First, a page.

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Backyard fruit trees grow in popularity locally

Friday, October 1, 2010
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— As with vegetable gardens, having a few fruit trees in the yard allows homeowners to grow some of their own food, which has become a popular trend, according to local experts.

Doug Eaton of Bob's Trees in Galway said interest in apple, pear, cherry and other fruit trees has increased in the past five or 10 years as homeowners look to supplement the food they buy.

"I think it has something to do with the economy and people wanting to be more efficient with their money," he said. "But growing things to eat is also a great family activity and I see more people getting back to simple activities they can do with their children."

Chuck Schmitt, resource educator with Cornell Coooperative Extension in Albany County, agrees with Eaton.

"We're seeing a lot more people starting with gardens and then stepping up to fruit trees ," he said. "Our master gardeners get 6,000 calls a year from local people wanting help with gardens, trees and even house plants."

He said the weather in the region can be perfect for fruit trees , vines and bushes, but some years are not as good as others. "This year we had a great growing season," he said. "We had good temperatures, but we could have used a little more rain in August."

He said gardeners who watered their plants and trees have been rewarded with high yields.

Kerry Mendez is a landscaping consultant who deals mostly with perennial plants. She said as she goes into yards in the region, she has noticed a lot more fruit trees , especially peach trees .

"I think some people have been intimidated by the idea of pruning and whether the trees would get too big, but a lot of homeowners seem to be more willing to try lately," she said. "The fruit trees go a lot with the whole idea of edible gardening."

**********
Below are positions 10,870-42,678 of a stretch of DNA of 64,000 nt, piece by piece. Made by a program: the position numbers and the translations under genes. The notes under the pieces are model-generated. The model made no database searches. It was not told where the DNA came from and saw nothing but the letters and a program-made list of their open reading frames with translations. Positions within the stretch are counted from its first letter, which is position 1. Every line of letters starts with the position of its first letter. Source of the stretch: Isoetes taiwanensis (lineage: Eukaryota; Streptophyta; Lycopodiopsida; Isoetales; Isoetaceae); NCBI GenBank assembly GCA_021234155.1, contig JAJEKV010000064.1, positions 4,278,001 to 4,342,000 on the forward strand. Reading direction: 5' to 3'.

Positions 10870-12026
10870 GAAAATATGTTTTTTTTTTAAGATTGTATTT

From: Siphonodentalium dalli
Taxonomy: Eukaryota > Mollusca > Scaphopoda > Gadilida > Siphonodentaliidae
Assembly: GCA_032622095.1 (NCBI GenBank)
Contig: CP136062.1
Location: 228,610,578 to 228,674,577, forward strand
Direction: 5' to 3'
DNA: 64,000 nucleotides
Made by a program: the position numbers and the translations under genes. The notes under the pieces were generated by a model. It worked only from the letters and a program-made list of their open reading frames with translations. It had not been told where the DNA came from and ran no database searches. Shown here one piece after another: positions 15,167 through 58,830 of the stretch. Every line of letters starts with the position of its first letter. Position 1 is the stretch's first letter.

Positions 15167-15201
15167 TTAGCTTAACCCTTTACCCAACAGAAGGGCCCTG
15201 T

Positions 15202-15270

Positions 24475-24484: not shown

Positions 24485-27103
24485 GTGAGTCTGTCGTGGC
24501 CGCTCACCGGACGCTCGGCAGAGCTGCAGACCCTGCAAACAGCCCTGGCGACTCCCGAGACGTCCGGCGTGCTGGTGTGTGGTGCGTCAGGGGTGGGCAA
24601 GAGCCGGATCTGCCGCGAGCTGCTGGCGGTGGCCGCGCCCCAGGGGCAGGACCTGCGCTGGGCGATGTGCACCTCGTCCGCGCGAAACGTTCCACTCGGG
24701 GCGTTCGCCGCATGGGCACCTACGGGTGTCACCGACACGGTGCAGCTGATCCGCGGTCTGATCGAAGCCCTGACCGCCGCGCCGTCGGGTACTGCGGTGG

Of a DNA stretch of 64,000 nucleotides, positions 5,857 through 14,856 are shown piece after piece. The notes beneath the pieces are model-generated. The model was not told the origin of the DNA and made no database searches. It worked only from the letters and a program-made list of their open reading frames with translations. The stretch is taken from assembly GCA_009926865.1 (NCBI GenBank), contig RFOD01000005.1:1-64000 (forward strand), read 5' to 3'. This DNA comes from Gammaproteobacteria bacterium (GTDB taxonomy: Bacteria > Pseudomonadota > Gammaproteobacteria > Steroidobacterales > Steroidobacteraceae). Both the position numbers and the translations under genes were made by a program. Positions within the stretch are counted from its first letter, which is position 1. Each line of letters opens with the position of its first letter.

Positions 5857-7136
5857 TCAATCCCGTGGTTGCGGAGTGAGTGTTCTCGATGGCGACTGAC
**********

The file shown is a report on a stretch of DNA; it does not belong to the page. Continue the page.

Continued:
She said she has many flower beds on her property, but last year she decided to plant a couple of fruit trees herself.

"I bought an apple tree and a pear tree for my own yard but I didn't know whether they would produce anything," she said. "I was very surprised and pleased when the pear tree had tiny fruit this year."

She said the trees are espaliered, or flat trees , meant to grow against a wall or fence and therefore take up very little space.

"To be honest, I grew them because I thought people visiting my gardens would find them interesting, I was really happy to get pears," she said. "The apple tree hasn't done anything, yet."

slow start

Eaton, of Bob's Trees , said it's not unusual for a tree to take some time to produce a significant amount of fruit .

He said fall is the perfect time to plant fruit trees , but don't wait too long.

"Waiting until November isn't really recommended," he said. "Some of the mistakes in planting the tree include planting too deeply or not making the hole big enough to let the root spread out."

He said a little organic fertilizer and lots of water are recommended immediately after the tree is planted.

"Most of the trees being offered now are semi-dwarf varieties so they don't take up much room. If they flower and are pollinated the spring after they are planted, you can expect some fruit . Just don't expect a lot at first," Eaton said.

Sam Yachup is a volunteer master gardener with Cooperative Extension in Albany County and he does a great deal of backyard growing, including a number of fruit trees . He said he moved into his New Scotland home on five acres in 1999 and since then he has been adding trees and garden rows as his main hobby.

"This was a wonderful year for fruit ," he said.

He said peach trees died out after about 10 years, so a landowner who wants a steady crop of peaches should plant a tree or two every couple of years.

"I have four trees that are quite young, a couple that are 6 and two that are about 8 years old," he said. "You have to stagger the plantings or be willing to wait when the old one dies off."

He said he lives near an apple orchard and so he hasn't planted any apple trees , but he has a wide variety of raspberry plants and about 30 grape vines.

"We just grow for ourselves and friends. If we have a bad year, we have a bad year.It's really just a hobby," he said.

Bill Schwerd, the executive director of Cornell Cooperative Extension in Saratoga County, said dwarf variety of trees are a good fit for small yards.

"There is a great interest in fruit trees and our experts urge homeowners to buy from local growers who will have stock that can handle our cold temperatures," he said. "There are a lot of new varieties that are easier to grow and produce very tasty fruits ."

 
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